Ajit Pai, the chair of the US Federal Communications Commission (FCC), has penned a post dubbed The Next Big Thing discussing the FCC’s upcoming April meeting to discuss its third major spectrum auction of the year and the national 5G FAST plan.
“5G is indeed the next big thing in wireless; it has transformative potential, including much faster speeds, much lower latency, much more capacity, and new services and applications, many of which nobody can even predict today,” Pai explains by way of introduction. “We’re seeking to deliver on this potential in April by gearing up for an auction of the upper 37 GHz, 39 GHz, and 47 GHz spectrum bands. With this public notice on auctions procedures, we take a significant step towards an auction of the upper 37 GHz, 39 GHz, and 47 GHz spectrum bands later this year.
“The public notice makes proposals and asks questions about the essential features of this auction. For example, with respect to auction procedures, we’re seeking comment on plans for a new incentive auction, in which we propose to use an ascending clock auction format for the offered licences and then hold a sealed-bid assignment phase. We also propose offering 100 megahertz blocks of spectrum licensed by Partial Economic Area service areas. In combination, the upper 37 GHz and the 39 GHz bands would offer the largest amount of contiguous spectrum in the millimetre wave bands for flexible-use wireless services – a total of 2,400 megahertz. And the 47 GHz band, no slouch itself, will provide an additional 1,000 megahertz of millimetre wave spectrum for such services. Combined with the two preceding auctions, the Commission will be making available almost five gigahertz of spectrum for commercial use this year.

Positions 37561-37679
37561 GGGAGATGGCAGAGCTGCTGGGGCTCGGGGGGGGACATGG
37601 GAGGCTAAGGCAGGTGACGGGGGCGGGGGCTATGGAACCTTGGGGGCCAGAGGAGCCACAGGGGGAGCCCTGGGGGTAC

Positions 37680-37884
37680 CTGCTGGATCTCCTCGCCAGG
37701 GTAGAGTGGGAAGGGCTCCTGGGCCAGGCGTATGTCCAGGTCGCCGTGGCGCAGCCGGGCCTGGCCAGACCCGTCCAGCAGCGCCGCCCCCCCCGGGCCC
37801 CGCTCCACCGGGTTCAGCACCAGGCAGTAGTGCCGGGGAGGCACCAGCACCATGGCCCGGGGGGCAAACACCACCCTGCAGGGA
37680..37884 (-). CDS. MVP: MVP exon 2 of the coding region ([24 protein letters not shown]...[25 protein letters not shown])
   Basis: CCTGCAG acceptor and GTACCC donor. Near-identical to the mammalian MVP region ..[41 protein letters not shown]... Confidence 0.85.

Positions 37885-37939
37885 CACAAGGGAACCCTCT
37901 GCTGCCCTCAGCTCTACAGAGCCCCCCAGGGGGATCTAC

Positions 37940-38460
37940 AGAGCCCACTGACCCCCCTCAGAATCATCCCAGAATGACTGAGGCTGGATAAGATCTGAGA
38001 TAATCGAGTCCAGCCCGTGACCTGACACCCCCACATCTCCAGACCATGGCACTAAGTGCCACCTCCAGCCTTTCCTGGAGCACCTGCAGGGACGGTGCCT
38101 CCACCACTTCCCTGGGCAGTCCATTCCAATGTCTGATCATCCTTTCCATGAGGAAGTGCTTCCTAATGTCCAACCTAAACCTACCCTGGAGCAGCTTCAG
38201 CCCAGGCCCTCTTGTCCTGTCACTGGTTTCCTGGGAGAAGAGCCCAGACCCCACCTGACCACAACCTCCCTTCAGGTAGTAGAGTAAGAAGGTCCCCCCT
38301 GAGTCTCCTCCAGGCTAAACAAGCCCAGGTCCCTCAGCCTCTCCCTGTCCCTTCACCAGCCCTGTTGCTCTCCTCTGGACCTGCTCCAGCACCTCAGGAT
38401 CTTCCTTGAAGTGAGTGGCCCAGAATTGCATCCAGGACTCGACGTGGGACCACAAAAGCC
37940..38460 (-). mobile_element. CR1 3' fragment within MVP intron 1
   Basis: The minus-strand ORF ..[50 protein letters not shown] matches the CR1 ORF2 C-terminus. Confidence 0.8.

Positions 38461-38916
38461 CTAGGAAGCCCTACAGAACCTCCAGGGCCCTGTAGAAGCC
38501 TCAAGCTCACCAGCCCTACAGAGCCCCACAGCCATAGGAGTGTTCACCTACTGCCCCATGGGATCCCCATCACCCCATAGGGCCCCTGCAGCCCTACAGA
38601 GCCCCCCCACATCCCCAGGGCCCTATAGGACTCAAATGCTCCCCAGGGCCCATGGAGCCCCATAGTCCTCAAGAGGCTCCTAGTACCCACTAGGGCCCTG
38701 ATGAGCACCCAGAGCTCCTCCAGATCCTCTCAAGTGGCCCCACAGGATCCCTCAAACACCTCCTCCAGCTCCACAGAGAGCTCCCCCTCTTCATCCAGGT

“On a related but separate note, I’ve also circulated a proposal that we’ll vote on at our April meeting that would facilitate next-generation wireless services in the 37 GHz band,” Pai continues. “This proposal would finalise arrangements for the upper 37 GHz band by establishing a process for the U.S. Department of Defence to operate there on a shared basis in limited circumstances. This proposal would also establish rules authorising Fixed-Satellite Service operators, such as satellite broadband service operators, to licence individual earth stations in the 50 GHz band.”
Pai also discusses the FCC’s national 5G FAST plan, in particular his opinion that there are outdated rules on the books which need to be repealed or modified before real progress can be made on 5G deployment in the US. “We currently have rules on the books that prohibit state and local restrictions that unreasonably impair the ability of users to deploy what are called ‘over-the-air reception devices.’ But these rules were developed a long time ago. They had in mind the delivery of video services, not broadband. So they don’t apply to antennas operating as hub or relay antennas used to transmit signals to or receive signals from multiple customer locations – in short, the kind of equipment that could be used for innovative new wireless services.
“On April 12, the FCC will vote on a proposal to update these rules. We’ll aim to pave the way for next-generation networking technologies that operate over millimetre waves, specifically, things like the base stations and hubs that make up mesh networks – modern-day over-the-air reception devices, so to speak.”
Details of other aspects to be discussed at the FCC’s April meeting can be found in Pai’s blog post on the FCC website.